In Barataria Bay, orange oil had made its way a good 6 inches onto the shore, coating grasses and the nests of brown pelicans in mangrove trees. Just six months ago, the birds had been removed from the federal endangered species list.

The pelicans struggled to clean the crude from their bodies, splashing in the water and preening themselves. One stood at the edge of the island with its wings lifted slightly, its head drooping — so encrusted in oil it couldn’t fly.

Wildlife officials tried to rescue oil-soaked pelicans Sunday, but they suspended their efforts after spooking the birds. They weren’t sure whether they would try again. U.S. Fish and Wildlife spokeswoman Stacy Shelton said it is sometimes better to leave the animals alone than to disturb their colony.

Pelicans are especially vulnerable to oil. Not only could they eat tainted fish and feed it to their young, but they could die of hypothermia or drowning if they’re soaked in oil.

Globs of oil have soaked through containment booms set up in the area. Plaquemines Parish President Billy Nungesser said BP needed to send more booms. He said it would be up to federal wildlife authorities to decide whether to try to clean the oil that has already washed ashore.

May 25, 2010 Posted by | Beauty, Bureaucracy, Community, Crime, Environment, ExPat Life, Florida, Health Issues, Hygiene, Living Conditions | 2 Comments

“Is it Spicy?”

AdventureMan and I have wide ranging taste in dining out, as you know if you are a regular reader of this blog. We like Barbecue, we like Mexican, we like Vietnamese, we like Chinese, Japanese, Indian and Seafood. There is one food we do not like – tasteless food. We like TASTE.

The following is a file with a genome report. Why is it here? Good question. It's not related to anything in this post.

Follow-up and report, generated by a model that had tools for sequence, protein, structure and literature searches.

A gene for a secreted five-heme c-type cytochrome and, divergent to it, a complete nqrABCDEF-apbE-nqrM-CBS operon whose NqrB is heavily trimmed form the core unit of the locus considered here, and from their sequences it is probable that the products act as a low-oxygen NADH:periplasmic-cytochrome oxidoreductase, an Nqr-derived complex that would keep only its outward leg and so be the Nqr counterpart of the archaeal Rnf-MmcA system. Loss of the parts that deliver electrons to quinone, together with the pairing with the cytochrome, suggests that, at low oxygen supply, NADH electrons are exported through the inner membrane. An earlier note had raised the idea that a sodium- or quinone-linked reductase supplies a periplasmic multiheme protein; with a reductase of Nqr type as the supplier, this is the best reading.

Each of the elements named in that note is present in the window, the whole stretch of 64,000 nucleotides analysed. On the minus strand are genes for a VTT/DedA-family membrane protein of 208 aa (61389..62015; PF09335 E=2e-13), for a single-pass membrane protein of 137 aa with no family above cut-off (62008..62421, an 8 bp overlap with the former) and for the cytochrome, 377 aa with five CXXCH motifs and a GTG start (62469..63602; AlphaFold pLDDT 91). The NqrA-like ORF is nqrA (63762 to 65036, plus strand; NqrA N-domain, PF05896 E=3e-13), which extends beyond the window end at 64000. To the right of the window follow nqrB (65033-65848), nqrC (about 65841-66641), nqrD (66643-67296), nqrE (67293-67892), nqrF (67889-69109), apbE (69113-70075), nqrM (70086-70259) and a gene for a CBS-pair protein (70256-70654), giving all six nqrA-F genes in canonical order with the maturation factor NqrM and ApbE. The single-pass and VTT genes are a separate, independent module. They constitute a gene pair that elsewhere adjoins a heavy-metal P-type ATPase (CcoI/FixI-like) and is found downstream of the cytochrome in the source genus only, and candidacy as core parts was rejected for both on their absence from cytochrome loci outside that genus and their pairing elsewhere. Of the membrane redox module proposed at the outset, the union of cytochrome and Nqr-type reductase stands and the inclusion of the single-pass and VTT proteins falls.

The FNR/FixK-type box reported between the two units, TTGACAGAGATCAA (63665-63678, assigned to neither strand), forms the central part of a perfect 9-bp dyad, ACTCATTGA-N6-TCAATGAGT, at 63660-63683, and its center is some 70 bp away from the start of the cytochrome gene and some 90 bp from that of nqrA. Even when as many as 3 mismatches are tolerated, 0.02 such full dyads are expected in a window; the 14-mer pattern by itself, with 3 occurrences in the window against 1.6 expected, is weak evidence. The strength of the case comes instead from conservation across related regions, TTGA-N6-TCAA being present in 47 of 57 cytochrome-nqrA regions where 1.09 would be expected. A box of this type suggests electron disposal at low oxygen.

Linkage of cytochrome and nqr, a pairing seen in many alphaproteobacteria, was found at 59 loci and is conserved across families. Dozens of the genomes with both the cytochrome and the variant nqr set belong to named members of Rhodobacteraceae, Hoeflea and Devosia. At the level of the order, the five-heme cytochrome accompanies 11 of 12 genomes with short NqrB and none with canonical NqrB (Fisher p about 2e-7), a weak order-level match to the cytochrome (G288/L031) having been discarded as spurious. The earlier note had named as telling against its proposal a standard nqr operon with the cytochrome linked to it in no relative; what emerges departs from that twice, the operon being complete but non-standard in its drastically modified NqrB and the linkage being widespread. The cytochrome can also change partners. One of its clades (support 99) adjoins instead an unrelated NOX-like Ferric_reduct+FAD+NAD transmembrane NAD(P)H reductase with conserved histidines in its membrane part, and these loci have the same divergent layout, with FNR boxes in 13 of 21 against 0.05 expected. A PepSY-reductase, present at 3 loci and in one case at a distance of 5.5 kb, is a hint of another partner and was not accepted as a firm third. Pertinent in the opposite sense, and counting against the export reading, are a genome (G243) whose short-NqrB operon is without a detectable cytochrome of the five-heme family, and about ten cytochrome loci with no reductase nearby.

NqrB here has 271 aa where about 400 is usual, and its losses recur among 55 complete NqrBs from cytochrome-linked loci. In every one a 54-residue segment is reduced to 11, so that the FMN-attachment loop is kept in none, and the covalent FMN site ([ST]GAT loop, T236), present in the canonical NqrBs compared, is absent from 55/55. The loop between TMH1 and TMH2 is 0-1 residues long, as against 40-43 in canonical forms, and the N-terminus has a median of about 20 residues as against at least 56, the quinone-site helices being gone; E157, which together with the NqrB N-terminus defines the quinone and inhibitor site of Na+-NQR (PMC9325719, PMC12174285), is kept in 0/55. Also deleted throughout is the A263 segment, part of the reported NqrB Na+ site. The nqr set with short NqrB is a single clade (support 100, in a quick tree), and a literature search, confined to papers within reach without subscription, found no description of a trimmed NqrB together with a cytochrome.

Living here in the South, we will often see a group come into a restaurant, and one person – always a lady – will ask the waitress “Is it spicy?”

Spicy doesn’t mean fiery hot, spicy means pretty much anything other than the food’s natural taste plus salt – they do use a lot of salt in food here. At one restaurant, the waitress said “no, it’s not spicy, but there is a little bit of horseradish in the cocktail sauce” and the little lady said “oh, then I had better order something else.”

It’s all a matter of taste, what your palette is used to, and what it craves.

I wonder, too, if it isn’t what we are trained to expect – for example, some Nigerian friends once told us that from the time their children are babies, they give them little bites of hot hot pepper with their food. I think many of our restaurants add sugar, as well as salt, so that we have become more and more addicted to sweetness.

May 24, 2010 Posted by | Community, Cooking, Cultural, Florida, Living Conditions, Local Lore, Random Musings | 3 Comments

Orange Beach, Alabama, Oyster House

We were looking for a place to have a nice lunch on our way home, and I was sure we would go Mexican. AdventureMan felt so deprived of Mexican for all our years overseas that he is still catching up, and when given his druthers, Mexican will mostly be his first choice.

But today – and this is the POWER of advertising – we saw a huge billboard telling us that The Oyster House was THE place to eat.

“We’re going to eat there!” AdventureMan said, and I sure didn’t argue – I am a big fan of seafood. 🙂

We followed the signs. There were a lot of restaurants, but only The Oyster house had big billboards telling us they were THE place to eat. When we got there, a spot was available right in front of the front door – “RSP!” shouted AdventureMan as he parked.

It was a nice place. We got a table where we could see the Bayou:

The menu had so many good choices we hardly knew what to do, and, as usual, we ordered more than we could eat and we brought the rest home to nibble on for dinner: